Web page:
Looking to discover your new favorite plant family? Introducing Scindapsus plants!
Much-loved house plants across the globe, you may have seen these leafy, climbing vine plants taking pride of place on bookshelves and coffee tables in many happy homes. Their distinct vibrant green leaves set them apart from other house plants and their easy-to-care-for nature means they are the low-maintenance house plant we all love to love!
But with different Scindapsus types available, understanding this plant genus can feel a little overwhelming…
We’re here to help! Here’s everything you need to know about Scindapsus plants, including how to grow Scindapsus plants, some common Scindapsus types, and the most important tips for Scindapsus care.
What Are Scindapsus Plants?
Scindapsus is the genus name of a climbing vine variety of plants belonging to the Araceae family, originating from South East Asia. Scindapsus plants are recognizable for their green vines packed with plush leaves, which can vary slightly in size and color depending on the type.
Although Scindapsus plants can flower, this is generally rare. When they do flower, you will see a short spadix with a central spathe, not dissimilar to a peace lily flower. Similar to Epipremnum plants, Scindapsus plants are distinct in their ability to release just one seed per ovary, rather than several. However, Scindapsus plants and Epipremnum plants are so similar that they are often confused. Take the Golden Pothos for example - it has often been called a Scindapsus in the past, but it’s botanical name is Epipremnum Aureum!
Today, Scindapsus plants are known for making fantastic house plants. Why? Because Scindapsus care is generally easy to do at home and there are many Scindapsus types that make great leafy statements in your home.
What Are The Different Types Of Scindapsus Plants?
There are around 20-25 species of plants in the Scindapsus family. This includes some big names. Here are some you may recognize…
- Scindapsus pictus: also known as the Satin Pothos, this Scindapsus type is known for its big silvery vine leaves.
- Scindapsus pictus ‘Exotica’: otherwise known as Silver Splash, this variety from the arum family can be recognized by its matt mottled silver leaves.
- Scindapsus treubii: also called Sterling Silver, this Scindapsus type is a rare variety much-loved for its thick dark leaves.
- Epipremnum aureum: formally known as the Scindapsus aureum, the Epipremnum aureum (otherwise known as a Golden Pothos) is not technically a Scindapsus, but it is so similar that it has been called a Scindapsus in the past! With its bright green leaves, this Scindapsus/Epipremnum is a much-loved fan favorite!
Do Scindapsus Plants Make Good House plants?
Yes! Here’s why… In general, Scindapsus plants are easy-to-care-for low-maintenance house plants that don't need much attention to be able to thrive. Not only is Scindapsus care very easy, but NASA’s Clean Air study also proved it to be one of the most effective plants for purifying the air of harmful particles. Who wouldn’t want to have that in their home?
How To Grow Scindapsus Plants?
As evergreen tropical plants that are members of the Arum family, almost all Scindapsus plants make great house plants that are easy to grow indoors. That’s because they can survive without too much light or water. Like all plants, growing a healthy Scindapsus plant involves giving it the right balance of water, light, soil, and humidity. Check out our Scindapsus Care Guide below to find out more!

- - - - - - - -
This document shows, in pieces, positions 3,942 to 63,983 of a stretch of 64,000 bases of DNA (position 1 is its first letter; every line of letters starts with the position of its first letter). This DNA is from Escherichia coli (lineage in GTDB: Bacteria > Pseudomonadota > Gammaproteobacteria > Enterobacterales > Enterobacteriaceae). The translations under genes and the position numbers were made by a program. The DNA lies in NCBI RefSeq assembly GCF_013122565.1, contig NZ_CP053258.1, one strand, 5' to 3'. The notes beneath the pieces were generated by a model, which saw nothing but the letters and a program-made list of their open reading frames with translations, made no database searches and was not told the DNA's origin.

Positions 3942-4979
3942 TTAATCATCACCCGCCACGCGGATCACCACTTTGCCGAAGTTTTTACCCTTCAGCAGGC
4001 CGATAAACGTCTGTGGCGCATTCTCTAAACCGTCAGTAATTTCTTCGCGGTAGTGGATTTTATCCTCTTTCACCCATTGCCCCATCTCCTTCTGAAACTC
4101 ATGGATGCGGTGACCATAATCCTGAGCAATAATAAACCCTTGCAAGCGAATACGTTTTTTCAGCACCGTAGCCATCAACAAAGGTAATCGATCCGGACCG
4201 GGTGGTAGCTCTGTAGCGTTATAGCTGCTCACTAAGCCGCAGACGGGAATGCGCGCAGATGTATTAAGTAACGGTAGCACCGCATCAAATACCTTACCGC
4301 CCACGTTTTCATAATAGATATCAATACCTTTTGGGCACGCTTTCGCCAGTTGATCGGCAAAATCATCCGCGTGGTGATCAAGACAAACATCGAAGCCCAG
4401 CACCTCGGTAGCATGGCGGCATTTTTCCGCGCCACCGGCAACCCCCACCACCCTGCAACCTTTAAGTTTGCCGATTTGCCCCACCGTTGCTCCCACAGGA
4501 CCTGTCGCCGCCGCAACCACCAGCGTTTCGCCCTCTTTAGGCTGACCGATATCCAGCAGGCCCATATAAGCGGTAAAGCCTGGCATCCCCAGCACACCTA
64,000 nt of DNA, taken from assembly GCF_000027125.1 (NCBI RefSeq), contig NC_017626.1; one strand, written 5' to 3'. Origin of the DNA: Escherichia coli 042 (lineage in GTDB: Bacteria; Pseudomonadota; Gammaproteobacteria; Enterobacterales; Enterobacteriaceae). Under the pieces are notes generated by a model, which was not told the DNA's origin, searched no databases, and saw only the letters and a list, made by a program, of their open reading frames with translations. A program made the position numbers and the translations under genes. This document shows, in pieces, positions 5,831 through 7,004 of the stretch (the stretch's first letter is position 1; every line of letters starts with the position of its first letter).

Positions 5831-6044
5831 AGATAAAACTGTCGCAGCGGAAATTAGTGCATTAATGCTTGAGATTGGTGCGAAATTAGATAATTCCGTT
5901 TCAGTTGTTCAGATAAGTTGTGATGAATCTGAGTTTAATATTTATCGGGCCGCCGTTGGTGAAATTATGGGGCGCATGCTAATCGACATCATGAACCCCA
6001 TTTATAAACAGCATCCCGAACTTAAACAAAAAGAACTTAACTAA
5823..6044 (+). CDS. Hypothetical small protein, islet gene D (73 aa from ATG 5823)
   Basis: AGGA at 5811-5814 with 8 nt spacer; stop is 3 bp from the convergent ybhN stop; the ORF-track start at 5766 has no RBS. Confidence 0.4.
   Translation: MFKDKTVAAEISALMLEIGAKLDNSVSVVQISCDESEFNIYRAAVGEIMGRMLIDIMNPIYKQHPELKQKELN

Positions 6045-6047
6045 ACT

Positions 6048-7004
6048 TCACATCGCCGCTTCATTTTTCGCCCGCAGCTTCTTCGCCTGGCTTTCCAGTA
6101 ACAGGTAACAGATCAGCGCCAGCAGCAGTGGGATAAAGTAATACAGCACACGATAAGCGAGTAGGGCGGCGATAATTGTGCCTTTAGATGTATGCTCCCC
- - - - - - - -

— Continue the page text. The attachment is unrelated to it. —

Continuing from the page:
Your Scindapsus Care Guide:
Caring for Scindapsus plants, like the low-maintenance Satin Pothos Scindapsus Pictus, could not be easier. Here’s everything you need to know…
In general, Scindapsus plants don’t thrive under bright, direct light as this can scorch their leaves. Depending on the Scindapsus type, too little light can also mean that your plant loses its variegation. To allow your Scindapsus plant to truly live its best life, opt for a spot in your home that is well lit, but doesn’t get too much sunlight.
Like other houseplants, too much water can cause root rot in Scindapsus plants. The best way to provide optimum Scindapsus care? Wait for the top inch of soil to dry between waterings and make sure your plant is in a pot with good drainage available. Misting the leaves of your Scindapsus plant is another way to earn some brownie points, as this keeps it hydrated, but not too moist.
Picking soil with good drainage is another great way to encourage your Scindapsus plant to thrive. A shop-bought potting mix containing peat moss and bark is a great way of ensuring your plant can easily dry out.
Most Scindapsus types can withstand cooler temperatures for short periods, although they prefer to sit in temperatures of around 18 to 29°C, so not letting your house get too cold is a good idea.
Many Scindapsus plant types (like the Scindapsus Pictus) enjoy a little extra humidity in their lives. In fact, if they don’t get it, the tips of their leaves may go a little brown. To resolve this, simply give your plant a good misting with some water, or pop your plant on a tray of damp pebbles.
To sum it all up…
After reading this beginner’s guide, there’s only one thing you should be doing… Going out to get your own Scindapsus plant now. Whether you are a beginner to the Scindapsus genus or a seasoned Scindapsus carer, this low-maintenance leafy plant was made to be a house plant, and deserves a spot in your home!
With various different types available, all you have to do is pick your favorite, and enjoy the advantages these vines have to offer! So, what are you waiting for? It’s time to get those green fingers waggling!